lukasz wierzbowski captures two sisters during their most intimate, awkward moments
The photographer's series is an homage to budding femininity.
Photography Lucasz Wierzbowski
Every aspect of Lukasz Wierzbowski’s work feels playful. Not only his subjects — who climb trees, make pillow forts, lounge languidly, burrow their heads into their turtlenecks — but also his gaze, which hones in on clashing colourful prints and contrasting stripes of light. Not too surprisingly, Wolfgang Tillmans and Guy Bourdin are the photography predecessors influential to his vision.
For the 2018 edition of Circulation(s) in Paris—an annual festival spotlighting young contemporary European photography — Wierzbowski’s longstanding practice of chronicling his two capering nieces (who are in fact his age) was culled into a fun, loose family photo album. Simply christened “Sisters,” the photographs fondly capture girlish gymnastics, affectionate cuddles, and half-dressed disarray. It’s an homage to budding femininity, evocative of the indelible bonds showcased in Sofia Coppola’s Virgin Suicides (with a less morbid fate, of course). The Wroclaw-based Polish photographer discussed being adaptable, embracing awkward posing, and revealed how dentistry and advertising ultimately led him to photography.
How has your photography practice evolved since you started?
A lot of time passed between taking my initial photos when I was very young, and actually picking up a camera again during my university studies. My childhood fascination with photography didn't last that long; I switched to other activities, like drawing and playing around with a video camera. I guess I needed that initial break from photography to grow and find something that made me feel comfortable. I rediscovered photography while studying psychology. Apart from gaining some technical knowledge, my whole creative process hasn't changed that much over the years.
Did you grow up in a creative family?
My father is a dentist and my mother is a seamstress, so as a child I was able to sculpt artificial teeth with my father, and had my own sewing machine to play around with scraps of materials.
I was a “late” child. Being brought up by quite mature parents, with a big sister who was 20 years older than me, made me feel a bit awkward at times. As a rather shy person, I always avoided being the centre of attention. I was often the first one to leave the dinner table and go to my room. My nieces, Ania and Magda, on the other hand, loved being in the spotlight. Coming up with various personas was so easy for them. I witnessed how, over the years, they developed a special kind of bond that led to lots of moments of fun and misconduct. As we all grew up, it turned out that we actually like spending time together—not only as a family, but also as friends.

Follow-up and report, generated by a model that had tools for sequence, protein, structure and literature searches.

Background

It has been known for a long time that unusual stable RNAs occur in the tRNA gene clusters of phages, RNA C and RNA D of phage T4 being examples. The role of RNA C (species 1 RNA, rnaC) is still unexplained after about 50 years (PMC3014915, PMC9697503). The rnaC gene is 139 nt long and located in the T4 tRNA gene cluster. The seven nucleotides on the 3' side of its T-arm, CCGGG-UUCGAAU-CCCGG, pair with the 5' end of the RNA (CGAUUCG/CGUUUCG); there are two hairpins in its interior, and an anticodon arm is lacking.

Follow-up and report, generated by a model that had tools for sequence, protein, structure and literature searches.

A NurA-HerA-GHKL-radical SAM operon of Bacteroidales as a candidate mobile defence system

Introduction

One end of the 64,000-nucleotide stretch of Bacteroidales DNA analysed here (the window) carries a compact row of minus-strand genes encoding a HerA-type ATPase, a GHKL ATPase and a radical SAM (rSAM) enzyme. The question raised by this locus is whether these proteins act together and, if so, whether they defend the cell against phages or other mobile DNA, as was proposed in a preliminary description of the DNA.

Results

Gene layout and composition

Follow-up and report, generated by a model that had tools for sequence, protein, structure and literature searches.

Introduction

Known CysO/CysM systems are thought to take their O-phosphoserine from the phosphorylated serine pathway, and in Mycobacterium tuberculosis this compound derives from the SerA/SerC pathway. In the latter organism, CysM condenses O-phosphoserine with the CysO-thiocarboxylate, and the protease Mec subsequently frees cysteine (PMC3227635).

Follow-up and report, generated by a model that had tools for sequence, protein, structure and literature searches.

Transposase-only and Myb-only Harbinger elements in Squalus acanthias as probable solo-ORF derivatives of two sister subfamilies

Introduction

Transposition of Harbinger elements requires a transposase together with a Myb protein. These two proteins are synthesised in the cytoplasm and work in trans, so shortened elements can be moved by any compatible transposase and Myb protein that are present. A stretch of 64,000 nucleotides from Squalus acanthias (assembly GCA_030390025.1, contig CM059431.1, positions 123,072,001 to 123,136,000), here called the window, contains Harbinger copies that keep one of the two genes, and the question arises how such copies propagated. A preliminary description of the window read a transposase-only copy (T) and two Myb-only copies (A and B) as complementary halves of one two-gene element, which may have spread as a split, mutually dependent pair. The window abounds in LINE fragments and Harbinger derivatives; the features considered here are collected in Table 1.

How did you decide to shift your initial studies in medicine to photography?
When I graduated from high school I wasn't sure what I wanted to do next, so I applied and got into a dentistry school. I knew that there was something else that I wanted to do, but I wasn't sure what it might be. At that time I was very much into copywriting, so I decided to study social psychology to be able to work in an advertising agency. Halfway through my studies I started taking photos and, after a while, I realised that it gave me so much joy.
How do your create a rhythm for your work? Do you tend to work in series?
Not at all… I base my portfolio around ever-changing places, motives and situations. When I was asked to prepare a series for Circulation(s), I knew that choosing my nieces as a theme might be interesting — we have layers of mutual memories that bond us together.
There a deep sense of intimacy in your photos. If you’re working with someone you don’t know very well, how do you accelerate creating those links of trust?
If I'm working with someone for the first time, I like to get to know the person first and make them feel comfortable. My process of taking pictures is quite quick, so there is no place for boredom. I avoid generic model poses. I try to give overall instructions and capture the way they are executed, no matter how clumsy it may look.
There is a lot of visual play in your photos—a face peeking out from a horse-printed blanket, the mix of patterns between clothes and the carpet, a kind of hide-and-seek with plants and flowers… How much do you curate the context of where you photograph, to create that sense of offbeat dynamism?
I adore working in places filled with colours and patterns, but it's not a rule. I simply try to use any given space in a playful and creative way. I don't plan any details in advance, as I want to be surprised, and inspired, by the environment I work in. I don't want to interfere with the nature of the places; I accept them just the way they are. This allows me, and my models, to feel like true explorers.
Do you follow fashion photography?
I am always on the lookout for something exciting and real. When it comes to fashion photography, for me, the best things usually happen on the edges of it, where different genres meet. I'm not a fan of “typical,” polished fashion photography that you often see in popular magazines.
When you are commissioned to do a book or an album cover, is it a different process to create something emblematic for someone else's work?
The process is very much the same—I try to make the most of photo shoots. I obviously take into account the mood and the suggestions that the people who commissioned me are aiming to achieve. At the same time, since my photography is quite specific, I guess the aesthetic that they are looking for is already there.
This article originally appeared on i-D US.